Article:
A Scattered People: An American Family Moves West

Front Cover
Ivan R. Dee Publisher, Feb 1, 2000 - Biography & Autobiography - 280 pages
0 Reviews
This remarkable, innovative book portrays one of the great American experiences in microcosm. Gerald McFarland tells the story of U.S. westward expansion through the stories of his own ancestors from their arrival in Massachusetts in 1630, through successive generations that moved west, at length reaching the West Coast in 1900. "A Scattered People enriches the literature and reminds readers that most early Americans lived as the Hardemans and the Adairs and the Browns lived. This is the real American history." Choice. "The evocation of historical event through the microcosm of the individual life is moving....In these histories of ordinary men and women, McFarland discovers that 'few [Americans] actually rose from rags to riches.'" Journal of American History. "Except for John Brown, who was a half brother of Mr. McFarland's great-great-grandmother, the people in this history are not famous, but, through the author's meticulous research, every one of them comes to life." New Yorker. "Full of fascinating historical detail. It is especially valuable for the insight it provides into the way ordinary Americans of the 19th century experienced and confronted the issues and concerns of their time." Library Journal."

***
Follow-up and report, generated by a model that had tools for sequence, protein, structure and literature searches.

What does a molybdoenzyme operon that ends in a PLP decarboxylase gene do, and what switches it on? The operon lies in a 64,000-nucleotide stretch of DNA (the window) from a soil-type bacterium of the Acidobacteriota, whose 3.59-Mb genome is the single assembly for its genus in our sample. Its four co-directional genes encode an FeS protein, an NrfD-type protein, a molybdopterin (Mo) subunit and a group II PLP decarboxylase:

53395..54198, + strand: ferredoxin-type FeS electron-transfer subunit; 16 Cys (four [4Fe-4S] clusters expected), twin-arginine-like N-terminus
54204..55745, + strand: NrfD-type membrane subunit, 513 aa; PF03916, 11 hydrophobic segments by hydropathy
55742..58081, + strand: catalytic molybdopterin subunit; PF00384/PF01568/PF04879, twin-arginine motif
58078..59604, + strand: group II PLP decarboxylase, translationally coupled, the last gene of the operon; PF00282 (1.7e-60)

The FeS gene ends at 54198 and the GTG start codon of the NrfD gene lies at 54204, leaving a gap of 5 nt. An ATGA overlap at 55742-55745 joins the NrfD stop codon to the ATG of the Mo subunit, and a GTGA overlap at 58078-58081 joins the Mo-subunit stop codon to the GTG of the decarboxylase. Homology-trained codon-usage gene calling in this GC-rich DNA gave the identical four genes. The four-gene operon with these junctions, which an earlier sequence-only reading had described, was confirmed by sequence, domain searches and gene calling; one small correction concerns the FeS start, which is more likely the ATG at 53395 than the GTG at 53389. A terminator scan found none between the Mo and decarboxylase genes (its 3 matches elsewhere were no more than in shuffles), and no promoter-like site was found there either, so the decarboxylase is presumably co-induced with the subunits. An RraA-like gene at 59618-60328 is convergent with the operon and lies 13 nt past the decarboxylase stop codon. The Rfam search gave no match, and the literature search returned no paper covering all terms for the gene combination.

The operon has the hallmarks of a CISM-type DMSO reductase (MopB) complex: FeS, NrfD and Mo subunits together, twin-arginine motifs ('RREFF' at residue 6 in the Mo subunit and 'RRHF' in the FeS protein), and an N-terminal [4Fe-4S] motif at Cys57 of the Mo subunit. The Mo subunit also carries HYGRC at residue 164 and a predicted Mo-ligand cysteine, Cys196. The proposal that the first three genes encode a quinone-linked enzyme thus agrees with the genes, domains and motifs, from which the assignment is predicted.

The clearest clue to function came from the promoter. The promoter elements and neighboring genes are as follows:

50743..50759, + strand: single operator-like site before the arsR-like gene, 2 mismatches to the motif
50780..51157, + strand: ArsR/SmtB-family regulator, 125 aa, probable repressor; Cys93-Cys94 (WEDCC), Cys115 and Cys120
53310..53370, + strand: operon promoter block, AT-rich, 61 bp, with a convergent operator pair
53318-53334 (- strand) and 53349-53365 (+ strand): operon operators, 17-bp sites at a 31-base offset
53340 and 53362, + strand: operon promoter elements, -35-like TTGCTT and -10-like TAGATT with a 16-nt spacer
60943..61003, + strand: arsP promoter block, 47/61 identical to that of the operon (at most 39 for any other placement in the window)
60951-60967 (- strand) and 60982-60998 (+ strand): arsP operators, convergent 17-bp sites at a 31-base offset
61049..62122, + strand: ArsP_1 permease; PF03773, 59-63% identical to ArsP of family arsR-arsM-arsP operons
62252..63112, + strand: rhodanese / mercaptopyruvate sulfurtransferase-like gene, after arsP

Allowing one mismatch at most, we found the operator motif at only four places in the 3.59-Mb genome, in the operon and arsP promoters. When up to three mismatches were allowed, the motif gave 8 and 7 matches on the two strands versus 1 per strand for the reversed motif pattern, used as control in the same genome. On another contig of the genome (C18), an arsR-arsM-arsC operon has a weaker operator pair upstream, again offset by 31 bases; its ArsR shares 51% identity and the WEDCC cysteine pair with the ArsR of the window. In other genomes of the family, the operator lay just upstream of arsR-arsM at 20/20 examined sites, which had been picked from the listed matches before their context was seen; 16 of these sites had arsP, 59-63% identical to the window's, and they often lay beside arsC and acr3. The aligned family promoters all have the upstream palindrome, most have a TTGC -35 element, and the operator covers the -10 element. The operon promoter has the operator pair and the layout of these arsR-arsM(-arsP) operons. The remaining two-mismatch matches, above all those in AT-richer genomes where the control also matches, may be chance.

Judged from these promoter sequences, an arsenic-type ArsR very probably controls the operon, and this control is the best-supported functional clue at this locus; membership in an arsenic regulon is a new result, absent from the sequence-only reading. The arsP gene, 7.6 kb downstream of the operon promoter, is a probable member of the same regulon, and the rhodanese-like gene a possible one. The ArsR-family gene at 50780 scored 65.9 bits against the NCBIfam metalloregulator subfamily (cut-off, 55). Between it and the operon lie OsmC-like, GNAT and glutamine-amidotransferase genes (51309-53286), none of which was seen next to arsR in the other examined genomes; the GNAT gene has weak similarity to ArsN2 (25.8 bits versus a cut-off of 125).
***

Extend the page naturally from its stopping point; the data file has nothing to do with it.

From inside the book

What people are saying - Write a review

A scattered people: an American family moves West

User Review  - Not Available - Book Verdict

In this well-written volume, McFarland follows the descendants of five colonial families as they meet and marry, sharing "dreams of purity or dreams of plenty'' while slowly but steadily pushing ... Read full review


Chapter Three

5 other sections not shown

Other editions - View all

Common terms and phrases

About the author (2000)

Gerald McFarland is a professor of history at the University of Massachusetts, Amherst. He has also written The "Counterfeit" Man: The True Story of the Boorn-Colvin Murder Case and Mugwumps, Morals and Politics, 1884-1920.

Bibliographic information